From a young age, screens are a fixture in most children’s lives. But allowing them to watch television or have access to phones or tablets regularly doesn’t necessarily mean it will harm their development. The Royal College of Paediatrics and Child Health say there’s no good evidence that spending time in front of a screen is toxic to children’s health. After all, doing something creative or learning new skills is quite different from simply scrolling on social media. But it is still important to make sure that you find the right balance that works for your family.
If you think screen time in your household is negatively impacting your children, here are some things you can do to help limit their screen time.
Signs of too much screen time
Keep an eye on how your children’s digital time may affect other areas of their lives. If they are spending a good amount of quality time with their friends and getting enough exercise and sleep, they likely have a healthy balance.
Talk to your child regularly about what they are doing during their screen time and encourage them to think about how it makes them feel when they are doing it. They may even agree that staying up late gaming makes them feel tired the next day at school or that scrolling through social media so much affects their self-esteem. If so, that’s a good time to discuss the amount of screen time they’re getting.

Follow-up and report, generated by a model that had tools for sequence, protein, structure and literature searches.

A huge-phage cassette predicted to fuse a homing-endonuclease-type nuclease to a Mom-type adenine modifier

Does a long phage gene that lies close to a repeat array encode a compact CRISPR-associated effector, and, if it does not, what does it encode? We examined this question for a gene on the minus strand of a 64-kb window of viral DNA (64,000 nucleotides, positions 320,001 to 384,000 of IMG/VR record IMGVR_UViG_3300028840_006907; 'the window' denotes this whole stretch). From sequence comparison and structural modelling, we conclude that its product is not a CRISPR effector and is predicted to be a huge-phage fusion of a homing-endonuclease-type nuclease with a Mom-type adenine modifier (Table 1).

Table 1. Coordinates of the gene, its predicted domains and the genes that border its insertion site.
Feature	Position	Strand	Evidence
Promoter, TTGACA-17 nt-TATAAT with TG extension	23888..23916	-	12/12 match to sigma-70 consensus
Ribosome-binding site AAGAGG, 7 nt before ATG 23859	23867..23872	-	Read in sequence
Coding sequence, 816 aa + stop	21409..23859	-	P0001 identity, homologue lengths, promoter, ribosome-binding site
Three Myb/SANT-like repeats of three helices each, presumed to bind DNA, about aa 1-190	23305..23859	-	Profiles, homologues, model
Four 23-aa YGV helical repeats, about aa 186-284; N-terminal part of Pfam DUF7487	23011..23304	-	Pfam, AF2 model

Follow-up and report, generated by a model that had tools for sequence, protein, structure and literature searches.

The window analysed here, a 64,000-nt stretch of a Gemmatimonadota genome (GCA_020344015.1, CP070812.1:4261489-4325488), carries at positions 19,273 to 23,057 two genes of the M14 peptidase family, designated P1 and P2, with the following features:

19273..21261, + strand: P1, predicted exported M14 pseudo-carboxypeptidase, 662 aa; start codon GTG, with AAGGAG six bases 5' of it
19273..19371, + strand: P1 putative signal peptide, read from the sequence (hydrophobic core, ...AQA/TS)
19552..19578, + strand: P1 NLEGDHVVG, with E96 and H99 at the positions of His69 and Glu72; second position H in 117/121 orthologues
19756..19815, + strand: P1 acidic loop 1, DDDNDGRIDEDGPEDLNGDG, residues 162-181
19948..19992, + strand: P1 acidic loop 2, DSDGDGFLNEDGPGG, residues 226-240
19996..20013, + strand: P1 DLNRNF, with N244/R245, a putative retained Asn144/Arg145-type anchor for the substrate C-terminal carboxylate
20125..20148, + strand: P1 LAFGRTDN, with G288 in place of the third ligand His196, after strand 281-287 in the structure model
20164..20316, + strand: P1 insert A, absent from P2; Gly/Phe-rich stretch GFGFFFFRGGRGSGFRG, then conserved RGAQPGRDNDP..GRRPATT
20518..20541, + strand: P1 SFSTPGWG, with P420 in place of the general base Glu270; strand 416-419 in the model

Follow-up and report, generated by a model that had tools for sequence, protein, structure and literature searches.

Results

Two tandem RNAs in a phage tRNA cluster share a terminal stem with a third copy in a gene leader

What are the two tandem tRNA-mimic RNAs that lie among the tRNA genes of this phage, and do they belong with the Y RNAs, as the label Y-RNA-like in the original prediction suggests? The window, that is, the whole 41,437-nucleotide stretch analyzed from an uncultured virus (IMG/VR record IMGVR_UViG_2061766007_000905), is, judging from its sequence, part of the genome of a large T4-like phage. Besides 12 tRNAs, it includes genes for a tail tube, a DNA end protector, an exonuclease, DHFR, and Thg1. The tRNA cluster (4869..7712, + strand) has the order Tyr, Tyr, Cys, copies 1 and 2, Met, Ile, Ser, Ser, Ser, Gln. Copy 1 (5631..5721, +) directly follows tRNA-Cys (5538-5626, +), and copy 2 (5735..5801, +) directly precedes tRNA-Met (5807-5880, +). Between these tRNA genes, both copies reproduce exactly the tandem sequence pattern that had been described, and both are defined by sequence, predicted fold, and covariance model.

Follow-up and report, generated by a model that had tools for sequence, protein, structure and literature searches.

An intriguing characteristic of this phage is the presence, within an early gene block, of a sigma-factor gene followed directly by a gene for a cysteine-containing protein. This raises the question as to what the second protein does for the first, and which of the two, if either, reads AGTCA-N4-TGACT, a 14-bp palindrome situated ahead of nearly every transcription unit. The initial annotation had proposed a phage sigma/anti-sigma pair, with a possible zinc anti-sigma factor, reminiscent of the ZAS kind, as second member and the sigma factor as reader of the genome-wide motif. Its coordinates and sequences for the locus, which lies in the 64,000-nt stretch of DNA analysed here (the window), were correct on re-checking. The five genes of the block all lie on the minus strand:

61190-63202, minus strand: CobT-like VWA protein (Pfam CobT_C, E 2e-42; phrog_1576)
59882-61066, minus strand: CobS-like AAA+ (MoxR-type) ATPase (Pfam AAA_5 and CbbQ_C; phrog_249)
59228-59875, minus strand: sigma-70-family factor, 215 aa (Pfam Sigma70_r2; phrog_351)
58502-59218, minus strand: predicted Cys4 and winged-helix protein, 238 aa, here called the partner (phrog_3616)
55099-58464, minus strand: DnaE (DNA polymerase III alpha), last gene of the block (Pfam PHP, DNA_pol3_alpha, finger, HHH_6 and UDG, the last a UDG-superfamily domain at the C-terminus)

How to support children with screen time
There are many practical ways you can help influence a change in the way your children use screens.
- Know what they do online and why they enjoy it so you can build up your understanding of the risks and rewards they get from these activities
- Model the behavior you would like to see in them
- Be actively engaged with your kids on some of the activities they are doing online, whether it’s gaming or watching their favourite vlogger
- Unplug as a family to encourage your children to have a balanced view of technology
- Find apps, websites, and games together to help give children a way to explore their passions and boost their skills safely
- Create a family agreement that outlines expectations of how online platforms and screen time is used and why
- Look for apps that encourage and complement children’s physical activity
- Be ready to suggest good alternatives to screen time that your kids will enjoy if it’s time for them to come off or if they are bored. For instance, if your kids like arts and crafts have a box stocked up with paper, duct tape, glitter and anything else they need to hand.
There are also some simple tools you can use to help you manage your kids’ screen time:
- Make good use of parental control tools on your child’s devices to set digital boundaries together, helping them get the best out of their screen time
- Use the night settings on smartphones to reduce the amount of blue light given off by the screen during the evenings, which can help children sleep better
- Switch off all notifications on their phone to limit distractions when they are doing other things
- Switch off autoplay to help them self-regulate how long they spend on the particular apps.
You know your children better than anyone, so it shouldn’t be too difficult for you to determine how much is too much when it comes to screen time. But if the time they spend on their digital devices isn’t interfering with their schoolwork or their other activities and isn’t affecting their sleep or mood, there’s probably no need to worry.